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The Food and Drug Administration approved the first treatment for the most common cause of dwarfism Friday, a drug that has proved to increase children’s height but has been polarizing among adults with short stature.

The treatment, developed by BioMarin Pharmaceutical, is a once-daily injection for children with achondroplasia, a rare genetic disorder that results in dwarfism and can lead to serious medical complications. In a pivotal clinical trial, patients who got the drug, called Voxzogo, grew 1.6 centimeters more over the course of a year than those who received placebo. That means patients who take Voxzogo throughout childhood are likely to reach heights similar to their peers who don’t have achondroplasia, according to BioMarin.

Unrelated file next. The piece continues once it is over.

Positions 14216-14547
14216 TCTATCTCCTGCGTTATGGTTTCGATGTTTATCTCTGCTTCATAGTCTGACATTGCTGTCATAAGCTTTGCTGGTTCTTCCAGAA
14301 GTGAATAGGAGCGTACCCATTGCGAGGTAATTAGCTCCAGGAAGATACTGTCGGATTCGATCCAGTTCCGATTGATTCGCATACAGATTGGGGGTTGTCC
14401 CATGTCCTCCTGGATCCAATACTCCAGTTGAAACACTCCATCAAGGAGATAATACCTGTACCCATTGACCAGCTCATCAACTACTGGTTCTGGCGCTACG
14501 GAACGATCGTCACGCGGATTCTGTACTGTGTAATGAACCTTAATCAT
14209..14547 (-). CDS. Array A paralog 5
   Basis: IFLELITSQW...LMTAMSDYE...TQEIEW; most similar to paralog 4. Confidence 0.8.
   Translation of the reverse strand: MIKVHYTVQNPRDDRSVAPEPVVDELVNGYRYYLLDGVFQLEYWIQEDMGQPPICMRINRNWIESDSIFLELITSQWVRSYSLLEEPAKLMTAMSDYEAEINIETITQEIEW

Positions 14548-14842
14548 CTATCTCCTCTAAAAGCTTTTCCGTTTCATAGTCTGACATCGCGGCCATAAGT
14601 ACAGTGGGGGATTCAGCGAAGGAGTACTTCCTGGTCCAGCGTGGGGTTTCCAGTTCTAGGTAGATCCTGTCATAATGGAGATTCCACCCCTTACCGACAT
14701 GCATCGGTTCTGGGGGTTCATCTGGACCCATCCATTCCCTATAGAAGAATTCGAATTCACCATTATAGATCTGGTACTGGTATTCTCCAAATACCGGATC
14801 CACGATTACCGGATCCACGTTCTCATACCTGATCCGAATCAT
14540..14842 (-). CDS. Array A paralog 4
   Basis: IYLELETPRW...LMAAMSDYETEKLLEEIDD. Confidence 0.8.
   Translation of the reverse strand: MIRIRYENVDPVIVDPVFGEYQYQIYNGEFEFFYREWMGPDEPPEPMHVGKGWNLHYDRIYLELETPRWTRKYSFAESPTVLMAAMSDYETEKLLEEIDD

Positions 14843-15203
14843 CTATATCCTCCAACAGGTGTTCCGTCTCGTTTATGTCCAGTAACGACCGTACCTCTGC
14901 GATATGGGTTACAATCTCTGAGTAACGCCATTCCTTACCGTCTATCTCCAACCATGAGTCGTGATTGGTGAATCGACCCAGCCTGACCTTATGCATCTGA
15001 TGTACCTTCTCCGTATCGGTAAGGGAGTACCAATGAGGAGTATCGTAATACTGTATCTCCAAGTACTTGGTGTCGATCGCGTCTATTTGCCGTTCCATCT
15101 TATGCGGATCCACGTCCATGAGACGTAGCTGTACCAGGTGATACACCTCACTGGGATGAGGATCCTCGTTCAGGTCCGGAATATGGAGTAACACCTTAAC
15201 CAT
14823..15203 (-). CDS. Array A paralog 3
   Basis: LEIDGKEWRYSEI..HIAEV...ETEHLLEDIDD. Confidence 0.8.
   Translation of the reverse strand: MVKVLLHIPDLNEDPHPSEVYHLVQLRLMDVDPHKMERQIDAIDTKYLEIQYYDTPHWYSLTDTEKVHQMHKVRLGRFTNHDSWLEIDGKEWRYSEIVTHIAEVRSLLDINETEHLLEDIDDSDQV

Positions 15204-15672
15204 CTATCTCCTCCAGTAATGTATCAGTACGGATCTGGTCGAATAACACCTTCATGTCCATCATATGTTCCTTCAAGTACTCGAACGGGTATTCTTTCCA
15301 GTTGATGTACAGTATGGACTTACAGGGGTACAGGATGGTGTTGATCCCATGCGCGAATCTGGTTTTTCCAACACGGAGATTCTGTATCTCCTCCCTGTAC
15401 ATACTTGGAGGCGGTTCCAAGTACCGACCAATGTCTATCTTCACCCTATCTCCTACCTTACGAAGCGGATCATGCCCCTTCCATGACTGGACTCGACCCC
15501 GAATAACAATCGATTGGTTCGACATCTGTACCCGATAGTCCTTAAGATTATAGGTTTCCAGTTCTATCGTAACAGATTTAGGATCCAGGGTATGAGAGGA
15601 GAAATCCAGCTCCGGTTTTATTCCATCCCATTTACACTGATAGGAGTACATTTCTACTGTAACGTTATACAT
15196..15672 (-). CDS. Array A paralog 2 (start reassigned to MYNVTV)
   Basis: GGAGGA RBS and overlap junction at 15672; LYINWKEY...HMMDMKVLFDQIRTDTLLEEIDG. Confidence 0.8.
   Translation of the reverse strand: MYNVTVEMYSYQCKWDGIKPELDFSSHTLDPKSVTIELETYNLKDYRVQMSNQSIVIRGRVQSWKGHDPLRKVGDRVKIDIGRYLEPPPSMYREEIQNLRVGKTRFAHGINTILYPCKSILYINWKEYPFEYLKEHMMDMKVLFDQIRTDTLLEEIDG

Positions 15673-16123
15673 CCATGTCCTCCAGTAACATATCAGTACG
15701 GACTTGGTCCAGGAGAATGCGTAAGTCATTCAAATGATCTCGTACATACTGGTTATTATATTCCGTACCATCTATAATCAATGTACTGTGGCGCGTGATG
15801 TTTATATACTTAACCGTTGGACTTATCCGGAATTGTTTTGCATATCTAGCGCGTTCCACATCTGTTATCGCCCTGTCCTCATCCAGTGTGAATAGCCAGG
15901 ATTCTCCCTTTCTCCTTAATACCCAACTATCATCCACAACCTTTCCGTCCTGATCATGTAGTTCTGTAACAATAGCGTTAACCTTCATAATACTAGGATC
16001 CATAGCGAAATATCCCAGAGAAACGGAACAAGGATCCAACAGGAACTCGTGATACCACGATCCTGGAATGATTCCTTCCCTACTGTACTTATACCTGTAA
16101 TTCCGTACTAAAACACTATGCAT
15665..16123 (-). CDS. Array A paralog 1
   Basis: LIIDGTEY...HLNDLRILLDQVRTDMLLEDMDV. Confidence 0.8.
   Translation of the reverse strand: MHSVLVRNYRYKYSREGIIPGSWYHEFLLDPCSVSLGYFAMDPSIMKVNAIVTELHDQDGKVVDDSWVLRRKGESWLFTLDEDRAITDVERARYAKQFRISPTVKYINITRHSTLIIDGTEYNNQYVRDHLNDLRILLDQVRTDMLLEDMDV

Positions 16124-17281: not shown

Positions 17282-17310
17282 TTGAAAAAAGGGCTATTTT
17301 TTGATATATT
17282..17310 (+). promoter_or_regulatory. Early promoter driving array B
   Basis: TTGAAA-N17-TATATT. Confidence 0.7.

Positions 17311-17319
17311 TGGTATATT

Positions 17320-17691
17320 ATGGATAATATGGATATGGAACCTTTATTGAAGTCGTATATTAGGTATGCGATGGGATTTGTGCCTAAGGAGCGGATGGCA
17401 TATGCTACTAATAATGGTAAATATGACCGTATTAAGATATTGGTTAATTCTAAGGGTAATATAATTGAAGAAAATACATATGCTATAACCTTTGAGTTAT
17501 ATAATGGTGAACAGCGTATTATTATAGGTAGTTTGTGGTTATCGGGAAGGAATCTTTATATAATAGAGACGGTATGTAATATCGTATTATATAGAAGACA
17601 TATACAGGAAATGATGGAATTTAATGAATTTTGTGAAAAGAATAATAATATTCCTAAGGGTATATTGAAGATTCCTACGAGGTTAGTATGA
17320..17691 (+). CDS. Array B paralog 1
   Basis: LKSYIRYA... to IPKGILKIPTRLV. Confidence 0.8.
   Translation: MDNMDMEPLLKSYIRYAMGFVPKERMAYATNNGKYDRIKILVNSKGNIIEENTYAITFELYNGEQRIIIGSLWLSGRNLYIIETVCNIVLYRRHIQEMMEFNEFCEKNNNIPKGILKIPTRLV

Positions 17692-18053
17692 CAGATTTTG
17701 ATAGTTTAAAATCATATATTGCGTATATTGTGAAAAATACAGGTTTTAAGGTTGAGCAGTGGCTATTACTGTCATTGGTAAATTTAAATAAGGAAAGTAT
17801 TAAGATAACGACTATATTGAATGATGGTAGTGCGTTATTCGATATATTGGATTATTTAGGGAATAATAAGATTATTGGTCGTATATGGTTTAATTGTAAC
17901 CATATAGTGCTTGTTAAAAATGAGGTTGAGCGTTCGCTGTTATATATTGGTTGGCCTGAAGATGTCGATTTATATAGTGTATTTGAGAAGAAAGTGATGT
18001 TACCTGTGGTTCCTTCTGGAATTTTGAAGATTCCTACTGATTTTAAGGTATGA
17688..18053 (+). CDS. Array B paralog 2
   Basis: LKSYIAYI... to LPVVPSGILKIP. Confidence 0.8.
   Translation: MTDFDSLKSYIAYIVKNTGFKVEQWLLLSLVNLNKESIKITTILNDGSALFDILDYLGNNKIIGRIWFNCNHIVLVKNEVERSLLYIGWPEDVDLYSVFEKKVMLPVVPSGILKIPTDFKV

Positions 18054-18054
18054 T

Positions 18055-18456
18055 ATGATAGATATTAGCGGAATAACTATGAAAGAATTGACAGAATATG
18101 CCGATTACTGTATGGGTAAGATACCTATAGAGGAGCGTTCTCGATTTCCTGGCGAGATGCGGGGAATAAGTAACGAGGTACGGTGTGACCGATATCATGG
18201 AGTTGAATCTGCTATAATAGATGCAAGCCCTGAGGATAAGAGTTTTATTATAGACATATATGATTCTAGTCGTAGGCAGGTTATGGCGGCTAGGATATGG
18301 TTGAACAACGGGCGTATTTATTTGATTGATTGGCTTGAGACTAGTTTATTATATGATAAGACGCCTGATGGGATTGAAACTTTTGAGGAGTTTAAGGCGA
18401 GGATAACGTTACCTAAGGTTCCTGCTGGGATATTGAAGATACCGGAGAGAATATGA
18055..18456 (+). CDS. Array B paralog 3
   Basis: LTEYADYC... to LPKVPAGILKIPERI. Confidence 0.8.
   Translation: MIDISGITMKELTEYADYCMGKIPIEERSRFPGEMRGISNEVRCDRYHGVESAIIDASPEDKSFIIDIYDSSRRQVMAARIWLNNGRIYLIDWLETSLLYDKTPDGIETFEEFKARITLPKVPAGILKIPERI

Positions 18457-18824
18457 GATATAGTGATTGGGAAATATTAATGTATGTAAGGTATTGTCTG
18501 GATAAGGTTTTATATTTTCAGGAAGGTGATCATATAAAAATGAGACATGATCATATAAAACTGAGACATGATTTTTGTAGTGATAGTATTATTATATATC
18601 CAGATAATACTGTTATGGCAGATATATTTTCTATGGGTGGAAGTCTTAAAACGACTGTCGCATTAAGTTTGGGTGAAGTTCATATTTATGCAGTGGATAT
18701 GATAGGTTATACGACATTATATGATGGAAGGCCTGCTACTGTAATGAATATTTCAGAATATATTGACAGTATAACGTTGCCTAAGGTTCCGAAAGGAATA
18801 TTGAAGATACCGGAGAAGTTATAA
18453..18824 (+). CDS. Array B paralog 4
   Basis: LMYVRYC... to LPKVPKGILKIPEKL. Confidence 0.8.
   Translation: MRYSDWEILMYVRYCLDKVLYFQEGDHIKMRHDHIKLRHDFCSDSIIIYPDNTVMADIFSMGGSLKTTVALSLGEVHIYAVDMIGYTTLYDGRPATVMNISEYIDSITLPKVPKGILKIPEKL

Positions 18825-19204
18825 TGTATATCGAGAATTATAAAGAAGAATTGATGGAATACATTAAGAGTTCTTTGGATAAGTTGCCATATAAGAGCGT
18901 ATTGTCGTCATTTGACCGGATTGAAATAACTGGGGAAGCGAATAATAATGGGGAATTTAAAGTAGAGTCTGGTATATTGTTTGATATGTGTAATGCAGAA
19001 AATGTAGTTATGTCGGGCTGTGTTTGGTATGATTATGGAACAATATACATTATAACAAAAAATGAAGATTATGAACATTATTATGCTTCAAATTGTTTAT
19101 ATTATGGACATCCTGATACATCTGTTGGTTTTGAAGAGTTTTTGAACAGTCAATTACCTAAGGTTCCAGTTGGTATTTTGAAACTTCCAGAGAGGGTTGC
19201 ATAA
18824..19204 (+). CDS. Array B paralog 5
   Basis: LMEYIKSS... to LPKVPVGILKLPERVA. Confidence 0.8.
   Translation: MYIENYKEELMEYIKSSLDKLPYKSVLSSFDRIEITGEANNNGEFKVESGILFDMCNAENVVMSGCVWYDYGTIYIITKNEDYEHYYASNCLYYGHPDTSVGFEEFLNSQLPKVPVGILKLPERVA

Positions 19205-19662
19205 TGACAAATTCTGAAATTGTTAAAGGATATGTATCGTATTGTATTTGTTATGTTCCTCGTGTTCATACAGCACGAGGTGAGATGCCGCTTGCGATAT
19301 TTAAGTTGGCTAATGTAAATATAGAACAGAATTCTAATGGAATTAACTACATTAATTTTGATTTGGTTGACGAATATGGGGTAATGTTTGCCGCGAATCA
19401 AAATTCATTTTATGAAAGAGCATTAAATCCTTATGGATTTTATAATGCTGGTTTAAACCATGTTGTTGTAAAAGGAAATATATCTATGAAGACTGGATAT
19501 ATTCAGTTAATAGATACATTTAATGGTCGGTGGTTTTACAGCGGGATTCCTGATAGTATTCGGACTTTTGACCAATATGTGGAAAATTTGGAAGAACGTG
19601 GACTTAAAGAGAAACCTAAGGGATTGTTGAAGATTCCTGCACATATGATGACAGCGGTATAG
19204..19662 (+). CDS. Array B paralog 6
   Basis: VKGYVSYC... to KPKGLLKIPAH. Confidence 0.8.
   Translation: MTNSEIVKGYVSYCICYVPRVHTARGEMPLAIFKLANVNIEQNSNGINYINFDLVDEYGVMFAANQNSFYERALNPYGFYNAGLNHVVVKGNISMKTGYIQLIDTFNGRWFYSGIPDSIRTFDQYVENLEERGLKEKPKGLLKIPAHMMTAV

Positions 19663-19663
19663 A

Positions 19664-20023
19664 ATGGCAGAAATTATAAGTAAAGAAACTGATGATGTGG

“It’s the difference between being able to drive a car or not, reaching stuff in closets, being able to take care of your hygiene,” said Jean-Jacques Bienaimé, BioMarin’s CEO. “It would make a huge difference for those patients. There’s no question about it.”

BioMarin set a list price of about $320,000 per year for the treatment, developed under the generic name vosoritide. Accounting for... see more